What can’t be destroyed can be co-opted. When the Daleks realise quite how intelligent Doctor Who is, the first thing they think is that they could zombify him into one of the radio controlled Robo-men. He might be a nuisance, but his brain might be useful.
Likewise with the Beatles - maybe their popularity can be put to good use. At one point in A Hard Day’s Night, a TV producer tries to recruit George Harrison to advertise shirts. But he’s appalled when Harrison describes them as ‘grotty’: “You don’t think he’s a new phenomenon, do you?” wonders the producer. He checks his calendar on which he has planned all the future teen crazes:
No, he’s just a troublemaker.
The change isn’t due for three weeks.
The joke is on Simon, of course: Beatlemania is exactly the kind of trend he’s trying to use to sell to the kids, and he’s just missed it entirely. In fact, it’s about to turn around and completely upend the culture on which he depends, just the way that Dalekmania took the BBC by surprise the previous year.
The Daleks weren’t even supposed to exist. Doctor Who was intended to be a lightly educational jaunt through history, co-opting science-fiction to cram some dates into the kiddies heads. Producer Stanley Newman had been very definite, he didn’t want any what he called BEMs: Bug-eyed Monsters. And then they found themselves with only Terry Nation’s first Dalek script1 ready to film and discovered that’s all the kids really wanted.
Trying to co-opt the revolutionaries can have unexpected side effects. In an age of anti-colonial independence movements there are plenty of examples to learn from about turning the tools of oppression back on the oppressors. Indeed, some of those independence movements are referenced by the Doctor’s companion Barbara when she starts a revolution by seizing control of the Dalek’s own broadcasting station2. The Children of the Damned repurpose the church organ as a sonic weapon to drive soldiers mad. The Beatles take music-hall tunes and blues riffs and make them into a sound that will change the world.
And it's not just the sounds that are in revolution; the visuals are being reinvented too. In A Hard Day’s Night, director Richard Lester pulls out all the nouvelle vague stops, jump-cutting and whip-panning away to try and contain the sheer energy of the Beatles within the film. Even in Doctor Who, Barbara and Jenny dash across a sharply edited London to a frenetic jazz drum, for all the world as if Anna Karina were fleeing the Daleks across the Paris of Bande à Part (also 1964, of course). The medium itself is in turmoil, the old structures cannot hold.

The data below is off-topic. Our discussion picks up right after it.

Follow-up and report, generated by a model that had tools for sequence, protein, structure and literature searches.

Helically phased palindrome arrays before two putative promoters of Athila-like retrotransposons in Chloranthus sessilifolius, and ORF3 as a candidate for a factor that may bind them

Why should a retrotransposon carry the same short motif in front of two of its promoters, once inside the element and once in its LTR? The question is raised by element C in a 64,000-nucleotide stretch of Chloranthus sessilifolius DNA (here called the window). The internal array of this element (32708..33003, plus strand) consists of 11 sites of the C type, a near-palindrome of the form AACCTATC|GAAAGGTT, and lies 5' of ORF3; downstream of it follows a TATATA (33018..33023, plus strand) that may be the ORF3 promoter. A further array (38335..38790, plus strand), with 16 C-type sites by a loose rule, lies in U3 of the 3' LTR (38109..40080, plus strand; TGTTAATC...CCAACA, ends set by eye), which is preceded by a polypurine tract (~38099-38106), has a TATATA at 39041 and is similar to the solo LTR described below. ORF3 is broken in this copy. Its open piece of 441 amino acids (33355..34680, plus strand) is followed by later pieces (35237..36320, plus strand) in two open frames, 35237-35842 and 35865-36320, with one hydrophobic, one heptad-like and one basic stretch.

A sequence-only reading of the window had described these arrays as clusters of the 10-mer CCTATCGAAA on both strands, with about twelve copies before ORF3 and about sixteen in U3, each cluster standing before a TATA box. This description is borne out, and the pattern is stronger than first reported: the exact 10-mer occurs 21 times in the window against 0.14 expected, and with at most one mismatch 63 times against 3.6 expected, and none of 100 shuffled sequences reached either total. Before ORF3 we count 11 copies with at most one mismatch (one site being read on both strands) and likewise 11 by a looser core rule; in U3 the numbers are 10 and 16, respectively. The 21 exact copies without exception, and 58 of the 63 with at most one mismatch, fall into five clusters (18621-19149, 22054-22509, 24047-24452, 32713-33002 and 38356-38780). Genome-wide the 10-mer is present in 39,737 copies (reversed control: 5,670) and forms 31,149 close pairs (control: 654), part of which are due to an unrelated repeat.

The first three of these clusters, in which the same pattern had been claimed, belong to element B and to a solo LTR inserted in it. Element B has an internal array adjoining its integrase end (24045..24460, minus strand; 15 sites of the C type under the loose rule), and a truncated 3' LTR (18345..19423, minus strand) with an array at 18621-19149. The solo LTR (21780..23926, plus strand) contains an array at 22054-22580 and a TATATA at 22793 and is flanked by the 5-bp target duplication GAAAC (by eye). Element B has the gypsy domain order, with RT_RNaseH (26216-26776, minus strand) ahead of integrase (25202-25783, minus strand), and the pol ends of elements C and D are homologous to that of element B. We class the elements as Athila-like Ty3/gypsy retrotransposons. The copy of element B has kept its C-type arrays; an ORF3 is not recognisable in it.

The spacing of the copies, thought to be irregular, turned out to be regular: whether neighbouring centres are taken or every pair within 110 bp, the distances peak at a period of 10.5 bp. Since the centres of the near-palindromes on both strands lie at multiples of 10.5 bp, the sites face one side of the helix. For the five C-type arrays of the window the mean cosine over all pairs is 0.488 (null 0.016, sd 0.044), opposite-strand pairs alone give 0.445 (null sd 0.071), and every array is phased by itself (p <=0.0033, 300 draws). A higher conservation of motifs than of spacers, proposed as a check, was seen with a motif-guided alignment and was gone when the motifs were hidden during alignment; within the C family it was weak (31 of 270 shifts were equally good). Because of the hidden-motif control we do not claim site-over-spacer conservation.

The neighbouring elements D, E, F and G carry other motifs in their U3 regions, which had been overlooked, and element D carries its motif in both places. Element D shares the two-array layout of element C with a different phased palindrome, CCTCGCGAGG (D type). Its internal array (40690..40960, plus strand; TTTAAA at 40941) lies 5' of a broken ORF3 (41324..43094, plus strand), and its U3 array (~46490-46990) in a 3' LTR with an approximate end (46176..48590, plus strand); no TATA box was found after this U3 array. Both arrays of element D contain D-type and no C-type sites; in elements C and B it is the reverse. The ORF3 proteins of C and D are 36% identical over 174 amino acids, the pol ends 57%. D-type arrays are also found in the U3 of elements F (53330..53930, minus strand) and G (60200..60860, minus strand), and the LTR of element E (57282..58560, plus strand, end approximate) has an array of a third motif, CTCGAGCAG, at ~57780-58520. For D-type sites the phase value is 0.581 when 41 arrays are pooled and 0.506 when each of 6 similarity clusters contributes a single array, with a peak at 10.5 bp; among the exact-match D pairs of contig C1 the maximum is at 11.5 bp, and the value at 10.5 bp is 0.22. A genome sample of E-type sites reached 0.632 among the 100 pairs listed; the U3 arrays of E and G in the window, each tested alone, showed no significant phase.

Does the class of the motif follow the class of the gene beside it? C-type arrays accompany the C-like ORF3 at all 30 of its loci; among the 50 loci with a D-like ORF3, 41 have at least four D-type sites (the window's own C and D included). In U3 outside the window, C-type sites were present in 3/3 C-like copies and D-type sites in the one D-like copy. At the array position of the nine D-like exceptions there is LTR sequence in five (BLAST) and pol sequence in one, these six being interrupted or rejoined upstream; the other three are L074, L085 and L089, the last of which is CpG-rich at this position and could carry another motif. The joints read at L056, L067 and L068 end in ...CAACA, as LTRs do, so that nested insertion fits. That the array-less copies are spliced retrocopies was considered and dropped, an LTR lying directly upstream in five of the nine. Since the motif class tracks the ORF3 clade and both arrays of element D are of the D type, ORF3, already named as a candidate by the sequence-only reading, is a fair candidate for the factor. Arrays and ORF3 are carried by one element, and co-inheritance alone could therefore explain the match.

This is the real danger that the establishment haven’t reckoned with, that a seemingly harmless craze - for modish visuals, rackety music, strange hair-styles - might turn out to be the beginnings of something genuinely world-changing.
The Dalek Invasion of Earth ends with Susan, the Doctor’s grand-daughter, remaining behind to help rebuild civilisation. The actress who played her, Carole Ann Ford, was in fact sick and tired of being yet another sexist sci-fi damsel in distress reduced to merely screaming and running (just like the heroine of Children of the Damned, in fact). That kind of hoary old trope just won’t wash anymore.
Things can’t go on as they have been. The world is still beaten down, twenty years after the end of the war, London is still in ruins, and really, shouldn’t somebody be thinking about rebuilding civilisation? Properly, this time.
That Doctor Who story pattern? It’s a generational one. Each generation finds itself stranded in a strange world and must discover where they are, and what dreadful secret it hides. At least the Doctor knows this, entrusting as he does the future of Earth to his grand-daughter.
There’s a lot of running and screaming girls in A Hard Day’s Night, too. Usually running and screaming after the Beatles. But this running and screaming isn’t just teen hysteria. It is the sound and action that is vibrating and straining against the stultifying bounds of middle-class propriety and middle-aged establishment. The sound and action of a generation that is about to show that maybe the young and energetic can save the world from the inaction of their parents.
Looked at one way, they might look like a bunch of teenagers caught up in a craze; looked at another, they might be a generation about to discover that there is something terribly wrong with this world they have landed on.
Something they will have to fight.
Something they will have to fix.
The Dalek Invasion of Earth can be found on BritBox
A Hard Day’s Night can be found on Amazon Prime
Children of the Damned can be found on Chili
Next week: The children of The Female Eunuch
In an unlikely moment of Metropolitan serendipity, Tony Hancock apparently claimed Terry Nation got the idea for the Daleks from him.
Thus thwarting their magnificent scheme to hollow out the Earth and use it as a spaceship: a great cosmic Kinder egg full of a surprise helping of EXTERMINATE!